For a few seconds, Mnikelo Madala stood in front of a crowd with tears streaming down his face. He could not utter a word. It was just minutes after his nephew, Kanya Cekeshe, had been denied bail and leave to appeal his conviction at the Johannesburg Magistrate’s Court.
Madala stood there with a microphone in his hands. But words were not coming out.
Eventually, between sobs, he said: “There is not a lot to say, save to say that we have taken a body blow. We fight on. We would like to thank you guys for all the support all along and may you long continue not for us but for everyone else who feels wronged by the law of this country.Thank you.”
He was addressing members of the Economic Freedom Fighters (EFF) and EFF Student’s Command on Monday outside the court.
Cekeshe has been in Leeuwkop prison since December 2017, after he was sentenced to five years behind bars for public violence and malicious damage to property. He pleaded guilty to setting a police vehicle alight during a #FeesMustFall protest in 2016.
Last Wednesday, his new legal representation, through advocate Tembeka Ngcukaitobi, made a case before Magistrate Theunis Carstens to grant Cekeshe leave to appeal his conviction and also an appeal for him to be granted bail pending a petition to the high court to appeal his conviction and sentence.
The Mail & Guardian reported in June that Cekeshe had petitioned the high court, saying that his previous legal representation failed to represent him well – and therefore did not get a fair trial.
In his argument, last week, Ngcukaitobi criticised the state for relying on video footage that apparently shows Cekeshe setting the police vehicle alight, but never producing it as evidence in court.
He added that if the video evidence exists, as the state alleges, it was withheld from Cekeshe, and this was “extremely serious” because it means he was made to plead on the basis of facts that were “deliberately” withheld from him. Among other things, he also argued that Cekeshe’s previous legal representation was inexperienced, incompetent and such he did not get a fair trial.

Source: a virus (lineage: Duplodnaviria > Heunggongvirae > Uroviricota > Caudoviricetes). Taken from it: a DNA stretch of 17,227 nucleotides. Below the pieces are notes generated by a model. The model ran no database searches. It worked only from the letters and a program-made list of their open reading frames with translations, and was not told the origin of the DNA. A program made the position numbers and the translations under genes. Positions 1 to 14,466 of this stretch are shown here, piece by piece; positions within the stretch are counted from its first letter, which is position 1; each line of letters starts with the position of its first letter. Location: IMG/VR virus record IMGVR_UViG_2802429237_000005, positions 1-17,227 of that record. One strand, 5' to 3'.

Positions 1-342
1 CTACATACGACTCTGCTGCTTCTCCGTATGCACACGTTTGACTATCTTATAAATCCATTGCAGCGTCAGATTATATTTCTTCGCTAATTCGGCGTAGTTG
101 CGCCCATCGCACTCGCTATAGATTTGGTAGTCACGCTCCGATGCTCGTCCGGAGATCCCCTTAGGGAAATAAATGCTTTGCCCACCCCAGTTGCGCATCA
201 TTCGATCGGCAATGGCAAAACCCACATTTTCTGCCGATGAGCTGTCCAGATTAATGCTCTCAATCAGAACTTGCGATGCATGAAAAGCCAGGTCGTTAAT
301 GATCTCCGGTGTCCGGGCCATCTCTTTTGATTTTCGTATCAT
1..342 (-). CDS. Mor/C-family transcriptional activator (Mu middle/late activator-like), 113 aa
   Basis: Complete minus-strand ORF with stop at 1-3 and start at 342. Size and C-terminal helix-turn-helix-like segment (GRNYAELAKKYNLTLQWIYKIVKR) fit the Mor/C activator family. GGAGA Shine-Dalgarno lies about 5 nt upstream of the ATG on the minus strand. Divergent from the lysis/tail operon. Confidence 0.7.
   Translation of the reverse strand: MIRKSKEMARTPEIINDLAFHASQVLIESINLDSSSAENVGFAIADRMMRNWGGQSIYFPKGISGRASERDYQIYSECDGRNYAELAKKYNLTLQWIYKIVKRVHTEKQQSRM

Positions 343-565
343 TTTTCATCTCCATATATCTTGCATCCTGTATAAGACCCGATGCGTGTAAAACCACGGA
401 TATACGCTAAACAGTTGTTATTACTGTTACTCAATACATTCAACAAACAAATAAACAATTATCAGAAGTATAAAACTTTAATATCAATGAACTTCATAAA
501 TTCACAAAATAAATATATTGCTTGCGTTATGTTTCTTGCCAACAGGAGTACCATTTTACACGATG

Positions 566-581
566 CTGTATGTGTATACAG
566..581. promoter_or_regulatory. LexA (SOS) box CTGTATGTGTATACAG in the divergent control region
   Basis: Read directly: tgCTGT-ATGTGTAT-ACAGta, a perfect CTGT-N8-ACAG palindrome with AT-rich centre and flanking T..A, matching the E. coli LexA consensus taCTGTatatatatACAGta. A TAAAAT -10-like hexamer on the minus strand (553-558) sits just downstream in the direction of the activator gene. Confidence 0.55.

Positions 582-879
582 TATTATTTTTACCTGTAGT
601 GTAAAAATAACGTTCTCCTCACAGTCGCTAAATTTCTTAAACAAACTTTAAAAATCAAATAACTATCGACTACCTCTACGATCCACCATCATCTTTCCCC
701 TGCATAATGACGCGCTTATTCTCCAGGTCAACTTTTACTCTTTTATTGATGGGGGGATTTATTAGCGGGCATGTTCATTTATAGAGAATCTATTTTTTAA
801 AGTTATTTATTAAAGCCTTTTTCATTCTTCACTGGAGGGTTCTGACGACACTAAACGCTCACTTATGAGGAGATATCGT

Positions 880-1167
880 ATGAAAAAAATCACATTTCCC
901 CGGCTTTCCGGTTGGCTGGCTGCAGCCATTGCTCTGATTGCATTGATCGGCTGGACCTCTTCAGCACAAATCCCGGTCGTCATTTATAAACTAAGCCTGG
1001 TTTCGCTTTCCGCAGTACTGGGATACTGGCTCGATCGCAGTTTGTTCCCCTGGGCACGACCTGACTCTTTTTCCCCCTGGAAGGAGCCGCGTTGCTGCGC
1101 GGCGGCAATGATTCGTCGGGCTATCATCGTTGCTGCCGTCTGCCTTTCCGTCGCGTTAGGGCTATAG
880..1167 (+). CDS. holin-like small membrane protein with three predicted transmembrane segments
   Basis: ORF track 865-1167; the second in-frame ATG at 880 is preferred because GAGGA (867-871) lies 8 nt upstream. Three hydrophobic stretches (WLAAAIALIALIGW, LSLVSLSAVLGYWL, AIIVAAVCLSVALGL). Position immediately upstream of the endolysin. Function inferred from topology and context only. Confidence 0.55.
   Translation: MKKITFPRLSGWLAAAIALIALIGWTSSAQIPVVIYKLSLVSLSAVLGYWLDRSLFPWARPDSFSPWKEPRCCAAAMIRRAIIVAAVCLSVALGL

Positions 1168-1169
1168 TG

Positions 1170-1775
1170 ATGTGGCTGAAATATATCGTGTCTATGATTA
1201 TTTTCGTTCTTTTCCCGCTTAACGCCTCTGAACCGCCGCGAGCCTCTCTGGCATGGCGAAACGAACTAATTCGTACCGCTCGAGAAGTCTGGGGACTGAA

However, delivering his judgment, Carstens said Cekeshe was aware of the video footage. And that at his first appearance in court the state had asked for a postponement to obtain the video footage before starting with the bail application.
“When the disclosure of the police docket was made to the defense, state counsel mentioned that he will give the defense a disc with the video footage. At no stage, up to now, did the defense complain that they are not furnished with a copy of the video footage,” said Carstens.
Carstens further said that Cekeshe’s previous legal representation, in mitigation of sentence, said it was unfortunate that Cekeshe was seen on the video footage.
He said it was unlikely then that the defense had not seen the video footage. “Asked by the court why the applicant pleaded guilty the probation officer stated that he was identified on a video footage. All of the above is indicative that the video footage was disclosed to the defence before the applicant pleaded. The claim that the video footage was not disclose to the defense is devoid of all truth.”
Carstens also said that Ngcukaitobi had raised “opportunistic arguments” in arguing that there were discrepancies between the charge sheet and the admission by the Cekeshe in a statement. Adding that Cekeshe admitted that he damaged and set the police vehicle alight after fetching paraffin and matches [from another student].